High Rise is a city-building strategy board game with a bit of corruption from the designer of The Networks, Wordsy, and Bad Medicine. In the game, you and your opponents are constructing skyscrapers in a somewhat reputable city. You'll move around the board on a one-way track, choosing any unoccupied space ahead of you and doing its action, and waiting for everyone to pass you until you take your next action.
Most of the spaces on the board represent Tenants; various corporations and government entities who would love to move into a notable new building. Each Tenant offers a different power for players who land or build on them. The best part is that the game comes with 45 Tenants, of which you'll only use 15-20 (depending on player count), so every game you play will require different strategies and plans depending on which Tenants are on the board.
The game offers three modes of play:
- Introductory mode - An abbreviated 2-round (100-minute) version of the game that lets new players jump right into the game.
- Standard mode - An abbreviated 2-round (100-minute) version of the game that lets experienced players each construct a Building on a Tenant during setup, giving everyone a unique path before the first turn.
- Full mode - The full 3-round (150-minute) version of the game. The extended length of the game allows you to pull off strategies that you can't do in the shorter game. And despite the length, the game remains engaging and riveting throughout.
High Rise is ambitious in both components and gameplay. The game will include over 300 stackable plastic Floors that you'll use to construct your Buildings, plus plastic toppers that you'll use to mark your Buildings. Even the prototype components have drawn a crowd during playtesting!
Heiko Günther, who was responsible for the remarkable look and flow of Formal Ferret's hit game The Networks, will return as graphic designer for High Rise. We're also delighted to welcome star illustrator Kwanchai Moriya to the team to handle images for the cover and board.
High Rise has been in heavy development since April 2017. The gameplay is 99% done, with only a few rules tweaks remaining. Its compelling gameplay sticks in players' brains long after the game ends.
Here is the working, pre-graphic design draft of the rulebook and almanac. We will apply graphic design to these documents over the next few months, but this should give you an idea of how the game plays.
You’ll take your turn by moving your Mogul on the one-way track to any unoccupied space and performing that space’s action. But you’ll only get to move again once everyone else has passed you on the track. So don’t move too far!
Actions will generally let you collect Floors into your Construction Yard, construct Buildings with your collected Floors, or manage your Corruption.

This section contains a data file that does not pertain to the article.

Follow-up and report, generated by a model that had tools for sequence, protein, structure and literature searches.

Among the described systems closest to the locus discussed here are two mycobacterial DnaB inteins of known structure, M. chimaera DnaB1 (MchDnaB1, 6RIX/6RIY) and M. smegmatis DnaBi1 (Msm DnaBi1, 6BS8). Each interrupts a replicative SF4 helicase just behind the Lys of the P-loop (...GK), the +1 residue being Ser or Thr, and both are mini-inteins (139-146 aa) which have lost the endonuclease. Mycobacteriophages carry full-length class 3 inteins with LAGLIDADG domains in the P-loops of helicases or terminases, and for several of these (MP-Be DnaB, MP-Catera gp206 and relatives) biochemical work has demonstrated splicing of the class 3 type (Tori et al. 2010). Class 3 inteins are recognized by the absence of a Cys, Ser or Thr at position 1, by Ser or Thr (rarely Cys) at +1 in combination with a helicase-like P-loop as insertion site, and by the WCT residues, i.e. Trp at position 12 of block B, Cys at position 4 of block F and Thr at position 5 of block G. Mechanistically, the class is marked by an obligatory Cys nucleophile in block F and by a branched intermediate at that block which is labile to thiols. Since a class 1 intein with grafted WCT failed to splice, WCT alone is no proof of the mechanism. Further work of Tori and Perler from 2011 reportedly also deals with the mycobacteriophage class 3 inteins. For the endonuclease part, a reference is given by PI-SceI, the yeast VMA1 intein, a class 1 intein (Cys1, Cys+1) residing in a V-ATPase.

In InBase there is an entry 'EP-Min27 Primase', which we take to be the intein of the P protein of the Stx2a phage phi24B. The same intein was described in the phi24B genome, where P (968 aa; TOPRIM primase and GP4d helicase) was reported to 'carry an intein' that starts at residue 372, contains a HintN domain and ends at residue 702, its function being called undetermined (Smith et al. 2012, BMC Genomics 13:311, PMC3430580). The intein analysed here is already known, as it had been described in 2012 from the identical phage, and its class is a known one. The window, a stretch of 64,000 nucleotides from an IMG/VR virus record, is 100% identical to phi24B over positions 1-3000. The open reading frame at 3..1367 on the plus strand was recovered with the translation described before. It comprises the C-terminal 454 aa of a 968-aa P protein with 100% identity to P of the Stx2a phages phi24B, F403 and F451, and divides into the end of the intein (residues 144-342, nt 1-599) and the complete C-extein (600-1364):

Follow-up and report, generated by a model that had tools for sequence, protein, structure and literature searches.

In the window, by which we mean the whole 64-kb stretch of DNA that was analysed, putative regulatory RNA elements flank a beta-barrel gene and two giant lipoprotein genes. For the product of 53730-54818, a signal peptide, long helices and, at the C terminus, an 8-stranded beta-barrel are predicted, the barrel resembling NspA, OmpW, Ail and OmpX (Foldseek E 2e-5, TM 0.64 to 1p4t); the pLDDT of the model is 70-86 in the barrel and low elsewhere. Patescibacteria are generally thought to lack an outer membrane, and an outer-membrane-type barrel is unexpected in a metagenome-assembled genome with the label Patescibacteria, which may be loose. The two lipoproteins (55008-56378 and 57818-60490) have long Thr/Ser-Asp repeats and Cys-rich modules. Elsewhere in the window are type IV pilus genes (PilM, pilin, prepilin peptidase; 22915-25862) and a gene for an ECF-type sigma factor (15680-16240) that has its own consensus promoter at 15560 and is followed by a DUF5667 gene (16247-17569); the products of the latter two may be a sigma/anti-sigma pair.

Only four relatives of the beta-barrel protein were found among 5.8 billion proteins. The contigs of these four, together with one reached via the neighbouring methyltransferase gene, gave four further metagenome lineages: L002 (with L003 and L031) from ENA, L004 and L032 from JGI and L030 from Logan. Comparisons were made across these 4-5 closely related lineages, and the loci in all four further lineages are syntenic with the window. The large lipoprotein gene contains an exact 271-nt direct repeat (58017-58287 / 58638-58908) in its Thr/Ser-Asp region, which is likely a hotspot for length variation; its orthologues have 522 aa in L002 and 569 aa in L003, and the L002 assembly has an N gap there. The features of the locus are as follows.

Many actions allow you to take Corruption in order to get a bonus. But the player with the most Corruption at the end of each round gets a penalty, and everyone loses VP at the end of the game based on how much Corruption they’ve accumulated.
When you construct Buildings, you must match one of the 5 Blueprints available that round. If you’re first to construct a particular Blueprint, you get a Premium Floor to add to your Building. This is good, because each Floor in your Building earns you 1 VP!
There is a revolutionary new building material called UltraPlastic (it's the white piece in the prototype). Any UltraPlastic listed in a Blueprint can be filled by any color Floor, and any UltraPlastic Floor can stand in for any color in a Blueprint. But if you match UltraPlastic in a Blueprint with an UltraPlastic Floor, you get a Premium Floor (gray in the prototype) in your Building as a reward!
Tenants on the board will give you a power when you land on them or when you build on them. Some powers are immediate; others can be activated whenever you want. If you land on a Tenant with someone’s building, that player gets to draw a random Floor into their Construction Yard.
A round ends once all players have made one lap around the board and stopped in the Stop Zone. The players with the tallest Buildings in each neighborhood, and the players with the tallest buildings overall on the board get bonus VP.
The Introductory and Standard Game ends after 2 rounds, and the Full Game ends after 3 rounds.
IMPORTANT: The colors shown here are NOT necessarily the final colors you'll get in the game! We are working to make this game accessible to color-blind players.
The following are components that all Kickstarter backers will receive, in addition to the retail game. These will not be exclusives; they will be available at conventions and from the Formal Ferret web store after the game comes out in retail. But backing now will ensure you’ll get them all at once, without having to pay extra shipping fees!
Backing at this pledge level will get you one copy of High Rise, shipped anywhere in the world. See Shipping Rates for more information about extra shipping costs.
(Only 20 slots available in total) Backing at this pledge level will get you one copy of High Rise, shipped anywhere in the world for free. You’ll also get the opportunity to name one of the city streets on the board.
The fine print for the City Planner pledge level: All naming submissions will be reviewed by Formal Ferret. We reserve the right to decline or ask for changes for any name we find inappropriate or cruel, or that overtly advertise a product or service. We will communicate a deadline by the conclusion of the campaign. Please have your submission in before the deadline, or we may not be able to include your suggestion in the game.
(Only 4 slots available in total) Backing at this pledge level will get you one copy of High Rise, shipped anywhere in the world for free. You’ll also get the opportunity to name one of the corporation names that appear on one of the 4 Construction Yards that players will start with.
The fine print for the CEO pledge level: All naming submissions will be reviewed by Formal Ferret. We reserve the right to decline or ask for changes for any name we find inappropriate or cruel, or that overtly advertise a product or service. We will communicate a deadline by the conclusion of the campaign. Please have your submission in before the deadline, or we may not be able to include your suggestion in the game.
If you’re not sure if you want to back High Rise yet, but would like to follow along, you can back the game for $1, or any amount you want! On the right side of the page, under “Support,” look for the box that says “Make a pledge without a reward,” and enter the amount you’d like to back at. This will let you get updates as the campaign progresses, and gives you the chance to upgrade your pledge as the campaign ends. If you don’t update your pledge by the end of the campaign, you’ll still be able to modify your pledge in BackerKit, our third-party pledge manager.